May 22, 2003

Initial Conditions

Well the little go-round I just had with html and my browser is as good a place to start as any. Bear with me as I go into a bit of detail about how my browser (Internet Explorer, you might use Netscape or any one of a number of other options but I think they all do the same basic thing). The browser does a number of things to make pages load faster. One of the things it does is that the first time it downloads a picture, it makes a temporary copy of that picture and stores it deep in your hard drive. Everytime you look at a picture on a web page, your browser looks to see if it already has a copy of that picture. If it does then it uses the copy on your hard drive rather than downloading it again - this makes pages load faster. It keeps track of pictures by their names.

Now my problem is that I often diddle with pictures as I go along but leave their names the same. Many times I have beaten my head against the wall trying to figure out why the changes I have made in the picture don't show up on my web pages. The reason is that I change the original and I change the web page version, but I forget to tell my browser to update its copy so it continues to use the copy of the initial version that it has stored on my hard drive.

The point here is that the browser initializes itself and then proceeds happily and I forget that the browser has this initial condition and beat my head against the wall.

Initial conditions are just that - they are the place that a system or a process starts from. They are the parameters of a model at the point that the model begins to run. In a baseball game, the initial conditions include the number and skills of the players available to play each position, the starting pitcher, the batting order, the umpiring staff, the size of the crowd, the weather and the score. As the game progresses each of these parameters can change and the details of how the game develops will be influenced by those changes. Changes in some parameters are more influential than others (pitcher vs crowd size).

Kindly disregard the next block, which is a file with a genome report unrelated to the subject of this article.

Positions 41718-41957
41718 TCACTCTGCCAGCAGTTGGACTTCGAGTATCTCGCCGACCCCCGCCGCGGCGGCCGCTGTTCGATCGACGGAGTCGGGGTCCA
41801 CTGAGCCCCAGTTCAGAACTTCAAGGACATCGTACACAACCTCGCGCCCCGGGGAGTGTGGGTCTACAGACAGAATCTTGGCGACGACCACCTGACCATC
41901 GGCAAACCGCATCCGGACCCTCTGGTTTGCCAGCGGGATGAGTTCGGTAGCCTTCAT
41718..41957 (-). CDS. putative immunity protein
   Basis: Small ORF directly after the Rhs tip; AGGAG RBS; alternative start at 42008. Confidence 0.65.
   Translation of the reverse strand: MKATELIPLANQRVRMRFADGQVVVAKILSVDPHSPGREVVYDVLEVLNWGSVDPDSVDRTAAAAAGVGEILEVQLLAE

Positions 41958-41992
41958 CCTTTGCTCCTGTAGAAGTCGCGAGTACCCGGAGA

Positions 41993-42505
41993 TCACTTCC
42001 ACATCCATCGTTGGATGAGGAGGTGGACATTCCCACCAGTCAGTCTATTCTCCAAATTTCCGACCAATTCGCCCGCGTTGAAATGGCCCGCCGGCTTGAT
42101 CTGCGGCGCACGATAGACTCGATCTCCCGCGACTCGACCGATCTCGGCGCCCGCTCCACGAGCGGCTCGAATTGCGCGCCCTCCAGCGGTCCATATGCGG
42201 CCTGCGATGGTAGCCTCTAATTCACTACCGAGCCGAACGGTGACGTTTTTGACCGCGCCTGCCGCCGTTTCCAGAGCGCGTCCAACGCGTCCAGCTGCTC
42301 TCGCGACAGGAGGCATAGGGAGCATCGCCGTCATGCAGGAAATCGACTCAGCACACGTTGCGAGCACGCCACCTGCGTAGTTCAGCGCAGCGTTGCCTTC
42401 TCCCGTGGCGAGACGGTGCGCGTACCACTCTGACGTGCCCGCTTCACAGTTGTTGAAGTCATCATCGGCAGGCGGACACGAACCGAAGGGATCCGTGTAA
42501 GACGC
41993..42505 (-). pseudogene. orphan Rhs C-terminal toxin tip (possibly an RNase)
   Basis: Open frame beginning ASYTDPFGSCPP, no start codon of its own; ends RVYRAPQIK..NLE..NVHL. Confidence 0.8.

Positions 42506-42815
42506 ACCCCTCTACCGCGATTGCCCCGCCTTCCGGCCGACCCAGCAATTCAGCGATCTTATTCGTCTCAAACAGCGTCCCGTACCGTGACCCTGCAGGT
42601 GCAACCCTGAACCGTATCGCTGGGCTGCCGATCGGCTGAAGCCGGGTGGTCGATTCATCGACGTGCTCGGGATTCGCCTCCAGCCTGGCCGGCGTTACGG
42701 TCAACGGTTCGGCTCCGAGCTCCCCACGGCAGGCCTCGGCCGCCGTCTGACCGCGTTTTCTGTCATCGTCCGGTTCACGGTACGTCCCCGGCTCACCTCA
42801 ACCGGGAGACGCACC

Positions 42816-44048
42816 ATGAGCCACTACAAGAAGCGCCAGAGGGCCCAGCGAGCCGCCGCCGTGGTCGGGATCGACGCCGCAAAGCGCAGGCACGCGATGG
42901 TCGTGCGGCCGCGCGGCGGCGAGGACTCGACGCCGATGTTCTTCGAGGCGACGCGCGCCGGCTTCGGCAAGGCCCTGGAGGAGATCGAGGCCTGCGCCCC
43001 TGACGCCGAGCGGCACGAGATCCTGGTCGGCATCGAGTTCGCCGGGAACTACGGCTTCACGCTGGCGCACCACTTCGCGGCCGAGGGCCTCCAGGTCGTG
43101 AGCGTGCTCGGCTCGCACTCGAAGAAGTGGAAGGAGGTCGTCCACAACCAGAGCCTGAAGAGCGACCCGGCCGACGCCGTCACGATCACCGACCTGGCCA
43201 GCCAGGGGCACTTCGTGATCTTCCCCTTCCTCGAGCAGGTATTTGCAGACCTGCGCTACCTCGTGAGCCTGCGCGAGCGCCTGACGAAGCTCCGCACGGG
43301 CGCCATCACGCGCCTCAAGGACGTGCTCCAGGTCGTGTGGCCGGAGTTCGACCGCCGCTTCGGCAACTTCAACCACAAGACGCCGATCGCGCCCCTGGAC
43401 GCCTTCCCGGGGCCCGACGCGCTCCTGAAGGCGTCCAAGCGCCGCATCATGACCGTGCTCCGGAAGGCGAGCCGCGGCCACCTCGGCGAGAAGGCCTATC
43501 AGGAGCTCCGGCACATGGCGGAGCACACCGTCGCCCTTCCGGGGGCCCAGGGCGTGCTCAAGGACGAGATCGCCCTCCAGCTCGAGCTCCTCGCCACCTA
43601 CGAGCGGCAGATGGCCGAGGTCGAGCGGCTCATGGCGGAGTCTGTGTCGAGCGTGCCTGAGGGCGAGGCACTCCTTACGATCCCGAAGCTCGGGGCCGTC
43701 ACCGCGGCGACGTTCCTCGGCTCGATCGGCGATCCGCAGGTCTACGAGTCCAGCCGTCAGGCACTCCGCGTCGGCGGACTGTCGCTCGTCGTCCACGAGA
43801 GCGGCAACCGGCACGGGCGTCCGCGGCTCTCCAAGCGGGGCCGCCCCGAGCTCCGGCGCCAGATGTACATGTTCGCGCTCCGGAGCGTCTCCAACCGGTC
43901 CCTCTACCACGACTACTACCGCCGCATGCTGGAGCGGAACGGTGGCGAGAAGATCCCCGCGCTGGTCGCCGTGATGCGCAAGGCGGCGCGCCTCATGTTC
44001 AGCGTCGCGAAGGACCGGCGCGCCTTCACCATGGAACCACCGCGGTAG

Initial conditions have to do with time and answer the question "What is the state of the system of interest at the beginning of the time period of interest?" In the baseball example above, the period of interest was implicitly a single game. If I were interested in the history of a team or league, the parameters I choose to follow and specify as a starting point would likely be different. They would certainly include the management, the home town, and the ball park.

Begin Aside
Exercise for the reader: In the context of a single game, is the ball park an initial condition?
End Aside

Thus one person's initial conditions are another's intermediate state. In the context of weather, today's weather is an intermediate value in yesterdays 5-day forecast, but is the initial condition for today's 5-day forecast. Similarly the political state of an institution or nation provides initial conditions for the development of policy solutions.

Consider the activities of the EPA. Christie Todd-Whitman's initial conditions included US participation in the Kyoto protocol and she advanced from that condition. Unfortunately rate of change of that parameter was very high and negative. Her initial conditions also included much stronger political pressure to roll back environmental regulations that she had championed as Governor of New Jersey. Todd-Whitman's resignation changes the state of the EPA and will be part of the initial conditions that her successor inherits.